Sky-high mortgage costs are driving down competition among home shoppers, and a market firmly in favor of buyers is expected before the end of next year, according to a majority of economists and housing experts surveyed by Zillow.
The panel also expects rent growth to outpace inflation during the next 12 months, as priced-out potential home buyers exert additional pressure on the rental market, according to a news release.
Home value growth, which hit record highs throughout the pandemic, is now slowing as affordability challenges magnified by quickly rising mortgage rates are pushing many buyers to the sidelines. Values are ticking down slightly across the U.S. and declining more steeply in some of the most expensive metros, as well as those metros that grew the fastest over the past two years.
Although home price growth has slowed, the market is far from pre-pandemic norms. Zillow’s latest market report showed listings’ typical time on the market while rising, is still 11 days shorter than in 2019. Inventory is also ticking up, but is still down almost 42% compared to 2019. The majority of the panel (56%) expects a significant shift in buyers’ favor by sometime next year. Another 24% predicted that shift would come in 2024, 13% pointed to 2025, and just 8% expect it after 2025.
“After the frantic rush for real estate over the past two years, buyers are finally seeing a calmer market. Those still able to afford homeownership are quickly regaining lost leverage, but this shift to a more balanced market is still in its early stages,” said Nicole Bachaud, senior economist at Zillow in the news release. “Home shoppers priced out of the market are in a tight spot, though, as high and rising rents could cut further into their ability to save up for a down payment.”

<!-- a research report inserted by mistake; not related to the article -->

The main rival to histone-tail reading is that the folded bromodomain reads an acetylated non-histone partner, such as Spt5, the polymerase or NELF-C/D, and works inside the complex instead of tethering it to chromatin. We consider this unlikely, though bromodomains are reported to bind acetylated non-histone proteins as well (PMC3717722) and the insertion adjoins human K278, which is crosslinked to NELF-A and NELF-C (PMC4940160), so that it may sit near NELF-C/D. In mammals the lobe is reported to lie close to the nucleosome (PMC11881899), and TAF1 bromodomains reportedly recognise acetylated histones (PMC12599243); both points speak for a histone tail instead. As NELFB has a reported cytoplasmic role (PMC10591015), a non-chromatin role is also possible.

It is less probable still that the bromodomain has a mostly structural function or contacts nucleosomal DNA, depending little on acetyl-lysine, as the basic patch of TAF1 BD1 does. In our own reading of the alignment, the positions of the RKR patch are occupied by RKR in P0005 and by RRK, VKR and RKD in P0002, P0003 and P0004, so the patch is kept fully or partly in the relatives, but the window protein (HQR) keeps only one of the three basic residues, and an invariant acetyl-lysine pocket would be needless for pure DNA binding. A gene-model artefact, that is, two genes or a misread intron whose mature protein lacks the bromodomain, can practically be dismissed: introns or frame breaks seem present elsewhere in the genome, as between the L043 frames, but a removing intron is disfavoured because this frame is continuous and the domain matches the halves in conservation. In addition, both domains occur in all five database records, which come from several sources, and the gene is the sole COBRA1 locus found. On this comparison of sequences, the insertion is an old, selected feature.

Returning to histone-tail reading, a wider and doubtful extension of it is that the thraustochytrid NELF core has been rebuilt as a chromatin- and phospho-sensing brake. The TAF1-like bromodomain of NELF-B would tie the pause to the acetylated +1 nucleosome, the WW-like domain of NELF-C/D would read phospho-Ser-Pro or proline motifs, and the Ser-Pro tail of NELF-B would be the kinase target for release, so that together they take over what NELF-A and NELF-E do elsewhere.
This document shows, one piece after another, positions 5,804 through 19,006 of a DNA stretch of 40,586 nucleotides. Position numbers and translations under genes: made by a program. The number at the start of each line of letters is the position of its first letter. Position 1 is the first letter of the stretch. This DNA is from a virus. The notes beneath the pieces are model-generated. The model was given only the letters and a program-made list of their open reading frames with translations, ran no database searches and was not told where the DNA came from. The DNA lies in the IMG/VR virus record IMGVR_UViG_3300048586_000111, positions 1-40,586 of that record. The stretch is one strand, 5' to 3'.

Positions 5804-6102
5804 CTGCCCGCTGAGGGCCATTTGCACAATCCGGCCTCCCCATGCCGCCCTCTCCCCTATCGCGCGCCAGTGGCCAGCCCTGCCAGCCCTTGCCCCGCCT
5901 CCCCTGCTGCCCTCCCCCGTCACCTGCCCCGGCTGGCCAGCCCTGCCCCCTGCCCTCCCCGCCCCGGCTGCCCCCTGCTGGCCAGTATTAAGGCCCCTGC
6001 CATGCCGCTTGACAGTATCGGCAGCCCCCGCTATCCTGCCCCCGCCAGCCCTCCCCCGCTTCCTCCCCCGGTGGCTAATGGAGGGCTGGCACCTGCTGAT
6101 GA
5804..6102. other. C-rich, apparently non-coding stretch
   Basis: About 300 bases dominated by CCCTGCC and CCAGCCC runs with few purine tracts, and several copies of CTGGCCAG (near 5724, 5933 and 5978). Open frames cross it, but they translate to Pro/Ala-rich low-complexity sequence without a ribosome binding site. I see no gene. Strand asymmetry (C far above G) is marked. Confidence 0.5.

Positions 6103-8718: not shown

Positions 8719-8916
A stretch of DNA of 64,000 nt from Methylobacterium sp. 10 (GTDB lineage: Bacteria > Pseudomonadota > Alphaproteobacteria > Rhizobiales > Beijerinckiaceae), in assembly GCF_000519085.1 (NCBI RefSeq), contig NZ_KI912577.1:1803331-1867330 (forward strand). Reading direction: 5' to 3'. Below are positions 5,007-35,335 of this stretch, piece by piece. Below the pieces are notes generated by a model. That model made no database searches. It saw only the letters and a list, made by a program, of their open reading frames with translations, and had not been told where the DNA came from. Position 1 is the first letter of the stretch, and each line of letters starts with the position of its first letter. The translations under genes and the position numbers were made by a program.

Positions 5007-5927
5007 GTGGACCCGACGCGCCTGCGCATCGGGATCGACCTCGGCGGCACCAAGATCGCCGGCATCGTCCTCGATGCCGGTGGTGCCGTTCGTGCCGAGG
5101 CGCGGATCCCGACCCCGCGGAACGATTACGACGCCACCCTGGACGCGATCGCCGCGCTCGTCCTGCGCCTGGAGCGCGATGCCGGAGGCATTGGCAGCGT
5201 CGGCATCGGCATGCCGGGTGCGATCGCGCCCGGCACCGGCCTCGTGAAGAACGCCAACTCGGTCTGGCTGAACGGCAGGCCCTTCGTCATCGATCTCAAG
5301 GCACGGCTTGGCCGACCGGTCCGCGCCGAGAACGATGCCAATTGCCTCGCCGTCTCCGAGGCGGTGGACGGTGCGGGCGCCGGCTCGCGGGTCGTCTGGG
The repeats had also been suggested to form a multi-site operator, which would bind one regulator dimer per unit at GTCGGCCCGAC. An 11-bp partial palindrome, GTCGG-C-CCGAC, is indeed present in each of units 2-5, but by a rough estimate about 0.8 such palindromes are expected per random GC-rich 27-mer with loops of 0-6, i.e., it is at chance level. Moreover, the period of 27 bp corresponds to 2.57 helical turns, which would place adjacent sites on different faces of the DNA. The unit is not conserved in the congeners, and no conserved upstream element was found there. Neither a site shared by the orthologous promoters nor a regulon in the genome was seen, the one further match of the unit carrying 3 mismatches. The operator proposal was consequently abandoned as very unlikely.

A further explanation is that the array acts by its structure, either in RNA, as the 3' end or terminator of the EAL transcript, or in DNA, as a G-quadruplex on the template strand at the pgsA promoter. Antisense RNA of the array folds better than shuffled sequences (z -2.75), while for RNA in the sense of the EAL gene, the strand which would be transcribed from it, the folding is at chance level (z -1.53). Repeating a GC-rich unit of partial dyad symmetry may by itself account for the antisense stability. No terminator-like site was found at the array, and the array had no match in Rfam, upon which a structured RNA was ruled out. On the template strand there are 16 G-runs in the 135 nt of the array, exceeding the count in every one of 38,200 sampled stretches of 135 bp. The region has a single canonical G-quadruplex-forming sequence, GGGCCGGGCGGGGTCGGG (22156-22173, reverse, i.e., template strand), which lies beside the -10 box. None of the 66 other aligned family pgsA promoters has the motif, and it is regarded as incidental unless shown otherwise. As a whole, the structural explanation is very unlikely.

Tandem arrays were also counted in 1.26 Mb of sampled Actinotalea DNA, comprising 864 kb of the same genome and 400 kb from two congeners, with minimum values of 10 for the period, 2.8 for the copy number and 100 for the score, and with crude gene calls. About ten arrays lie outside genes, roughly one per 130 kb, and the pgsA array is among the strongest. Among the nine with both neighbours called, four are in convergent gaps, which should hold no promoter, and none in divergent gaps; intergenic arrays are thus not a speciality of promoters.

According to survey respondents, inexpensive Midwest markets — such as Columbus, Indianapolis, and Minneapolis — are the least likely to see home prices decline over the next 12 months. Fast-growing markets in the South, like Atlanta, Nashville, and Charlotte, are also expected to retain their heat.
Markets projected to cool the fastest are those that saw some of the largest growth throughout the pandemic, including Boise, Austin, and Raleigh.
Suburban and exurban areas are predicted by the panel to retain their heat over the next 12 months, while vacation areas were considered the most likely to see price declines.
Rent growth should remain strong in the short term as high home prices keep many would-be first-time buyers in the rental market. Over the next 12 months, rents are expected to grow more than inflation, the stock market, and home values.
The panelists predict an average of 5.4% rent growth throughout 2023 — lower than the 8.6% annual growth they expect to see by the end of this year, but still higher than what Zillow data show to be just under 4% annual growth in the years before the pandemic.
This demand for rentals has already spawned new supply in the pipeline. Builders responded to declining home purchases by ramping up construction on multifamily units, bringing starts to their highest level in years. The panel projects the stock market will rebound over the next three years, outpacing growth in home prices and rents as overall inflation cools.
Although the panel-wide 2022 expected home price appreciation rate ticked up to 9.8% from 9.3% in this most recent survey, all 107 survey respondents project home price deceleration in 2023. The share of panelists who believe their long-term outlook might be too optimistic jumped to 67% from 56% last quarter.
“U.S. home price appreciation is easing up in response to the historic surge in mortgage rates,” said Terry Loebs, founder of Pulsenomics. “Our expert panel’s mean projections indicate that residential rent price growth is expected to outpace headline CPI inflation over the coming three years and exceed home price growth through at least 2025. Despite softening house prices, this implies that affordability hurdles for prospective first-time homeowners will remain high and persist for years to come.”